In the late 1700s throughout the 1800s, more generic jewellery was also designed for the masses. Pieces including an “in memory of” inscription in the motif or engraved on the back was intended for mourning wear. Generic items were purchased at shops specializing in attire for the bereaved. Mourning pieces were also passed down in families and worn again and again making personalizing many of them less desirable.
Black jewellery that was inspired by this tradition became popular as a fashion statement in the mid- to late-1800s. So while mourning jewellery was worn to ascribe to a code of conduct, other black jewellery was simply in style at the time. Wearing less expensive French jet, which is actually very dark red or black glass, along with a naturally mined jet, which is more durable since it is made of carbon (see below). In an industry that grew through the union of Albert and Victoria, there soon became demand for mourning objects which funded the lives of artists and industry to create these pieces.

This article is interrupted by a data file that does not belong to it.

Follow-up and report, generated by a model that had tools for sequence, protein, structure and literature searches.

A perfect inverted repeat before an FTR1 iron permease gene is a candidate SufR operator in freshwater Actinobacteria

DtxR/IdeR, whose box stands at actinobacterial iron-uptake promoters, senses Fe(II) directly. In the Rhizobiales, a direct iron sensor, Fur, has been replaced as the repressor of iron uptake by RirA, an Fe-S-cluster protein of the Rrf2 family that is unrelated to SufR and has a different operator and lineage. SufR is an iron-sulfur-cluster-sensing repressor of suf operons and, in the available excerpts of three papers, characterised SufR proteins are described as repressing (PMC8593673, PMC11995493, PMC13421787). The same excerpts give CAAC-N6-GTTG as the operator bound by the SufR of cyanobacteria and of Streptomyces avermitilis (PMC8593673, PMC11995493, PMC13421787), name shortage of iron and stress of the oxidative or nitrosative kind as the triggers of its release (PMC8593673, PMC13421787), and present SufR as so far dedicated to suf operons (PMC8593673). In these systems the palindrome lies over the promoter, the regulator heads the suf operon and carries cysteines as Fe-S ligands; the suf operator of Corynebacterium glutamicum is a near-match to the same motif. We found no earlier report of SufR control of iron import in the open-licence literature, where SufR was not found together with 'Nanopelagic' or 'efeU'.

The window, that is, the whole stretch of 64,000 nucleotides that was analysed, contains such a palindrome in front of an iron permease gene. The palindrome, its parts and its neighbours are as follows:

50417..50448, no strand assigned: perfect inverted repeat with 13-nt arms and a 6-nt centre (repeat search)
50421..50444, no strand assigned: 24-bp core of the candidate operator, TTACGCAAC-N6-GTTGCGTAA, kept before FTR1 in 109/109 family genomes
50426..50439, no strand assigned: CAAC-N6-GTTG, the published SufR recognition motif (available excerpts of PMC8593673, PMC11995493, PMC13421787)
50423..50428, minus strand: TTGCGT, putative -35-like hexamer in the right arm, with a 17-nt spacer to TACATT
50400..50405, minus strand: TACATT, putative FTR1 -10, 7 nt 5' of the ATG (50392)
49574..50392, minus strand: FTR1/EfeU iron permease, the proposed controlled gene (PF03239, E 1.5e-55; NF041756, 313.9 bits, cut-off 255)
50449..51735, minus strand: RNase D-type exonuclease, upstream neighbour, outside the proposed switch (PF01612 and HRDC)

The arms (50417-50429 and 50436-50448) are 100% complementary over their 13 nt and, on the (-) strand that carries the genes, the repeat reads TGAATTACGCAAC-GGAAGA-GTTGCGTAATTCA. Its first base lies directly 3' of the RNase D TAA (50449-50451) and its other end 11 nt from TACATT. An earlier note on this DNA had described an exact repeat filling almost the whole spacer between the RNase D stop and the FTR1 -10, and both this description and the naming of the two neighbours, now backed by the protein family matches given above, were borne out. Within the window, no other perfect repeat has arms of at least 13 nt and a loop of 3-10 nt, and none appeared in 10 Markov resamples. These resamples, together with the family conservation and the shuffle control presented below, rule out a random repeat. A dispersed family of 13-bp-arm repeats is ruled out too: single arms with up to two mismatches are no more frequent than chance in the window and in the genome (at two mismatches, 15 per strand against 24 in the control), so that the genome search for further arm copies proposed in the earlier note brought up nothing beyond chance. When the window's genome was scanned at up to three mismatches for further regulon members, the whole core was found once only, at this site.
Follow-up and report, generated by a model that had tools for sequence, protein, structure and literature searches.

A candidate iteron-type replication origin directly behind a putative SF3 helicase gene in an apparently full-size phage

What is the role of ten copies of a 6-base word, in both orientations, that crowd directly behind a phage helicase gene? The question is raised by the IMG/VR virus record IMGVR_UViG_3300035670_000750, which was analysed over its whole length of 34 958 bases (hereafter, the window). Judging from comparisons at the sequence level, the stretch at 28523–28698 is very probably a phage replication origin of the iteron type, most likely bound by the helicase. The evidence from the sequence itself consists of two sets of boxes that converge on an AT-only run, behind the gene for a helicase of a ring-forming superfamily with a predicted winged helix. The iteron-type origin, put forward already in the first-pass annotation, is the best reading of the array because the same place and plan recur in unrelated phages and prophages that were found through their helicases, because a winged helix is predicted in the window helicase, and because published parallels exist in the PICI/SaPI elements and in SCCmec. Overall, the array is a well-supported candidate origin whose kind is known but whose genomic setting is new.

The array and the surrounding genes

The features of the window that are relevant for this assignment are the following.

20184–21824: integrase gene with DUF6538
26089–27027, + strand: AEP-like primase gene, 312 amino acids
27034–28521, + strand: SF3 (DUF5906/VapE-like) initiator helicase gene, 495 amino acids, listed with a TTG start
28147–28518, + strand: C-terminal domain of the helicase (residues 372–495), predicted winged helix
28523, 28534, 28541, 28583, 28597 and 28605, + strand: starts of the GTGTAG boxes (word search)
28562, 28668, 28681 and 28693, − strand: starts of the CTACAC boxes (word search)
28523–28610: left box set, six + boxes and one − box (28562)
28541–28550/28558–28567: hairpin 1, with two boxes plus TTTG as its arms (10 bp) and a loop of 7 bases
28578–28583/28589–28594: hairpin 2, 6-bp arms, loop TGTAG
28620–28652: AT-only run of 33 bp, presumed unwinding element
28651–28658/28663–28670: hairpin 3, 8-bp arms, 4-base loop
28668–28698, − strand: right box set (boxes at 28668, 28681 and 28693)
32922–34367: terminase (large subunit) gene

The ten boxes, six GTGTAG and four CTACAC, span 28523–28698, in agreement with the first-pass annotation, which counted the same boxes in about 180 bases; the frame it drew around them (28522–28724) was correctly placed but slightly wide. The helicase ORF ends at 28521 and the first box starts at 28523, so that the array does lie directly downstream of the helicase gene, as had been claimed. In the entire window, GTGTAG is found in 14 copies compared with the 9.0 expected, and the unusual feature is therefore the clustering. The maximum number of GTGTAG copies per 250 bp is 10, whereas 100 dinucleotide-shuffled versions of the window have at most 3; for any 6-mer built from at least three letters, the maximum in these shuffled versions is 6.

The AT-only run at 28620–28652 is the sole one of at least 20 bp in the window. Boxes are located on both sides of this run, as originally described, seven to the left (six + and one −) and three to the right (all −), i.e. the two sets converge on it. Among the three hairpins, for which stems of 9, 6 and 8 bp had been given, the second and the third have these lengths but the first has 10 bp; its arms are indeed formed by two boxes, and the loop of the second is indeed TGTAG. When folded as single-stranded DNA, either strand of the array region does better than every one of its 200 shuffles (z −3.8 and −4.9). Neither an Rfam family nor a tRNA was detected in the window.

Seed pearls were also another material widely used and I have incorporated these in my Modern Vintage cufflink earrings. Below are some examples, round or baroque in shape, that usually measure less than 2mm across. Natural seed pearls were often used to represent tears in Victorian mourning jewellery.
The Edwardian Period and Art Nouveau
Hot on the heels of the Victorian era was the Edwardian era where design and fashions became more fluid and relaxed. Art Nouveau (“new art”) jewellery was created in France between about 1895 and 1910 and creating a striking contrast to the mainstream designs of that time. Art Nouveau is characterized by its use of a long, sinuous, organic lines and was employed most often in architecture, interior design, jewellery and glass design, posters, and illustration.